A tribal leader of the indigenous Secoya people of Ecuador's northern Amazon rainforest at the Lincoln Memorial in Washington on May 19, 2011.
Umberto Piaguaje, a leader of Ecuador's indigenous Secoya people, holds up a letter at the Lincoln Memorial in Washington, on May 19, 2011. The letter denounces environmental damage allegedly caused by Chevron in his homeland. Reuters

Chevron, the No. 2 U.S. energy company, won two small legal victories this week that could lessen potential liabilities over alleged pollution in South America. A court in Ecuador had previously levied an $18 billion fine.

The charges stem from earlier activities by Texaco, which Chevron, based in San Ramon, Calif., acquired in 2001.

In New York, U.S. District Court Judge Lewis Kaplan allowed a racketeering and corruption case Chevron filed against the indigenous peoples in Ecuador to move forward on Thursday.

Chevron sued them for malicious prosecution after they won an $18 billion judgment for Texaco's alleged pollution of Ecuadorean jungle.

Separately, in The Hague, a panel administered by the Permanent Court of Arbitration enjoined Ecuadorean officials from trying to collect the damages they had assessed against Chevron.

The tribunal invoked a bilateral treaty between the the U.S. and Ecuador to suspend collection of the $18 billion fine.

A court in Ecuador last year found Chevron had polluted tracts of the Amazon jungle.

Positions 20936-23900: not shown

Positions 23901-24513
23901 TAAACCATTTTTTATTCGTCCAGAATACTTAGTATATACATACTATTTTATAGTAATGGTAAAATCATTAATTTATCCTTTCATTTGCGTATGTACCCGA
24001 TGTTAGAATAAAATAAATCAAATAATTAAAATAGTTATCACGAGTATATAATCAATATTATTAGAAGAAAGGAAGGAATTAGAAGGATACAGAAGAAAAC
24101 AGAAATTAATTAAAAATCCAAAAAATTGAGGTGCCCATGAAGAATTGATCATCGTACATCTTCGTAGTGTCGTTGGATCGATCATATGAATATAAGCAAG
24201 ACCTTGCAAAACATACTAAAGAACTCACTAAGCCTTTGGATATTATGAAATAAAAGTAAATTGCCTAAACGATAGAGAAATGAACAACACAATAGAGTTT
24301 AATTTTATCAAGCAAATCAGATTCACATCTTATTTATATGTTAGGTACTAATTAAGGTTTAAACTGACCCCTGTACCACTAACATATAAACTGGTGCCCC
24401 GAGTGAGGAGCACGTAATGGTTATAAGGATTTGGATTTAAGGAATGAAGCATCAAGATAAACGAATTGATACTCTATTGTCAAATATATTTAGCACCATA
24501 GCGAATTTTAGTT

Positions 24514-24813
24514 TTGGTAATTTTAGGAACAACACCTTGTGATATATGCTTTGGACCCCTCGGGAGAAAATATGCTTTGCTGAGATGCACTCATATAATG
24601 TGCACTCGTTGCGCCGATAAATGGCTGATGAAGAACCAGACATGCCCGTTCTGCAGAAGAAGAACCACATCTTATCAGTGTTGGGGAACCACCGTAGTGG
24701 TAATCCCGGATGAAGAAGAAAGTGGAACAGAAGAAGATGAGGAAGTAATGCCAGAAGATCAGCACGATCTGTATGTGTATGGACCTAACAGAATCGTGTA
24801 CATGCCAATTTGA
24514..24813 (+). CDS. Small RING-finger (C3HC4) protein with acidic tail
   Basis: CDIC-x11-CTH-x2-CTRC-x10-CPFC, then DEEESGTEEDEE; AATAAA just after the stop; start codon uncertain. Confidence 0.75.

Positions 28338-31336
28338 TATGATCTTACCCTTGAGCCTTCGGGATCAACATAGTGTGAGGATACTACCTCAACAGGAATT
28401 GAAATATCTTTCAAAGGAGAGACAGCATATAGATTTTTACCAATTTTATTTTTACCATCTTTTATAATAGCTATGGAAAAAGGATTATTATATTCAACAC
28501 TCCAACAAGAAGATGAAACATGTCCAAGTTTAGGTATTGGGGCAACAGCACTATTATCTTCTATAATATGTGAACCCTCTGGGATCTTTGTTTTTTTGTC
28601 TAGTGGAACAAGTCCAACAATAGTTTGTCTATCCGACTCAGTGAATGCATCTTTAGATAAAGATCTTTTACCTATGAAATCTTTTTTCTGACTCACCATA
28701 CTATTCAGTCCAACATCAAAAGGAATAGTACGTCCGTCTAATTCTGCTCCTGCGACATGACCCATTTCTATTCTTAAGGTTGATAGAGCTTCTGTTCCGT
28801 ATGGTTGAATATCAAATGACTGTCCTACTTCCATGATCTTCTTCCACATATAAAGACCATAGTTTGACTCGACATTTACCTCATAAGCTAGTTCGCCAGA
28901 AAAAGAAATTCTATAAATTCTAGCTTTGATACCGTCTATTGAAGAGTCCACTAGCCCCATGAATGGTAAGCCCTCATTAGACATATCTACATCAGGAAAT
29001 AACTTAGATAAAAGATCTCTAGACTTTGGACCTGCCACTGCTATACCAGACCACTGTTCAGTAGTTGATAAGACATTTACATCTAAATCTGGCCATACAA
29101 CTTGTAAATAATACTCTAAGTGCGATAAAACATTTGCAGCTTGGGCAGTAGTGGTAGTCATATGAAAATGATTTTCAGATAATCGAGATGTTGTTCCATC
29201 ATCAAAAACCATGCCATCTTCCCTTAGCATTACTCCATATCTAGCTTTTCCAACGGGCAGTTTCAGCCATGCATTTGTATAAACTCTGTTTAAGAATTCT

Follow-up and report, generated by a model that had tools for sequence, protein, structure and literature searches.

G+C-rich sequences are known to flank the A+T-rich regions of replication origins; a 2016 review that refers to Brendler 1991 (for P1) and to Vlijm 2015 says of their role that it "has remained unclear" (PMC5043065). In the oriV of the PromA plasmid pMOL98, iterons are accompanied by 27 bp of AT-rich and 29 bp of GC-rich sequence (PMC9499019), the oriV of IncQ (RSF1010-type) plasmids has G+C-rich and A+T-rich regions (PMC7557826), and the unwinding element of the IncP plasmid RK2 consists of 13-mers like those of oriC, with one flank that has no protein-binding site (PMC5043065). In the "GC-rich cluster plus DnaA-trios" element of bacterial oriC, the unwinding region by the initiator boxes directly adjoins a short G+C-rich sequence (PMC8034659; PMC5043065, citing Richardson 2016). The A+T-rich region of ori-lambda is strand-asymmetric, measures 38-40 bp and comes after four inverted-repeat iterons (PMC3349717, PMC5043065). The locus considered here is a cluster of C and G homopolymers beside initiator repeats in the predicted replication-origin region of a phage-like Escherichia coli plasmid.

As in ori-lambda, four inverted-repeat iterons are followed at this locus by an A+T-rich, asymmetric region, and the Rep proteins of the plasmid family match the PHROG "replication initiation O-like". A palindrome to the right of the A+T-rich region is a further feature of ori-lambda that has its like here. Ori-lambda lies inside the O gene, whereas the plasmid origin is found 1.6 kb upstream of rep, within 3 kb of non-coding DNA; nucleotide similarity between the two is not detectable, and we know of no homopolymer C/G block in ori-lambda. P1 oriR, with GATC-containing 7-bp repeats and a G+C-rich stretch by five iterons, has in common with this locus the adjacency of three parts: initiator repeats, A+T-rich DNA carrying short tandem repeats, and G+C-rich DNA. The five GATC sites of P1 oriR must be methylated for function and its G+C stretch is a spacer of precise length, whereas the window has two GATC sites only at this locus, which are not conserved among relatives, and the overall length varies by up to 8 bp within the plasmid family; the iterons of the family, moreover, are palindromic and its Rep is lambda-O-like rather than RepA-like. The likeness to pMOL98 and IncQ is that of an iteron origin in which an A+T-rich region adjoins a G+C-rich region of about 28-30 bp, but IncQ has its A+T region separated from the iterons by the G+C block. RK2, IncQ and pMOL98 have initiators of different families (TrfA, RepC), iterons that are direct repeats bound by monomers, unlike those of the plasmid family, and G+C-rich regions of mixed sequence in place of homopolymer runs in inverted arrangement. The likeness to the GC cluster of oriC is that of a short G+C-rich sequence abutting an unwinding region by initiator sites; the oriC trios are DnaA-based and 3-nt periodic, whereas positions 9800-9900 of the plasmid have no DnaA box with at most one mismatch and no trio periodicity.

Hewitt Pate, Chevron VP and general counsel, welcomed the tribunal's action. Both Chevron and the Republic of Ecuador benefit from today's award, he wrote.

The Chevron VP also said he welcomed recent activities by Ecuador's national energy company, Petroecuador, to remediate sites impacted by oil production.

Kent Robertson, a Chevron spokesman, said a final judgment is years away. The next court proceeding in The Hague will be to determine if the arbitration panel has the jurisdiction to hear the appeal.

We expect that this order will be honored [by Ecuador], Robertson said.

But Karen Hinton, a spokesperson for Amazon Defense Coalition representing the roughly 30,000-person suit, said The Hague's injunction has no legal weight and will have no bearing on Ecuador's ability to collect the $18 billion from Chevron.

This arbitration panel has just lost the last remnants of its legitimacy by trying to order a sovereign nation to violate its own Constitution and quash the legal claims of citizens who are literally dying off in the rainforest due to Chevron's pollution, Hinton said. The latest order will have no legal impact in Ecuador or in any country around the world that observes the rule of law.

The developments are the latest chapter in what has been a decade-long saga. Last year,the U.S. Second Circuit Court of Appeals in New York threw out an injunction barring the collecting the $18 billion fine. The same court, on Jan. 19, denied Chevron a similar world-wide injunction.

The company still has a pending appeal in Ecuador's Supreme Court, Robertson said.

Texaco operated in Ecuador for several decades until its joint venture with Petroecuador ended nearly 20 years ago.

Texaco said it spent $40 million cleaning tracts of land in the Amazon between 1995 and 1998. The company was cleared of its obligations by the Ecuadorean government.

Indigenous peoples claimed Texaco didn't properly clean the region and sued Chevron.

Petroecuador, on its part, announced in December it was going to spend $70 million to clean its portions of the Amazon.

Chevron shares traded around $106.28, down 25 cents, in midday trading.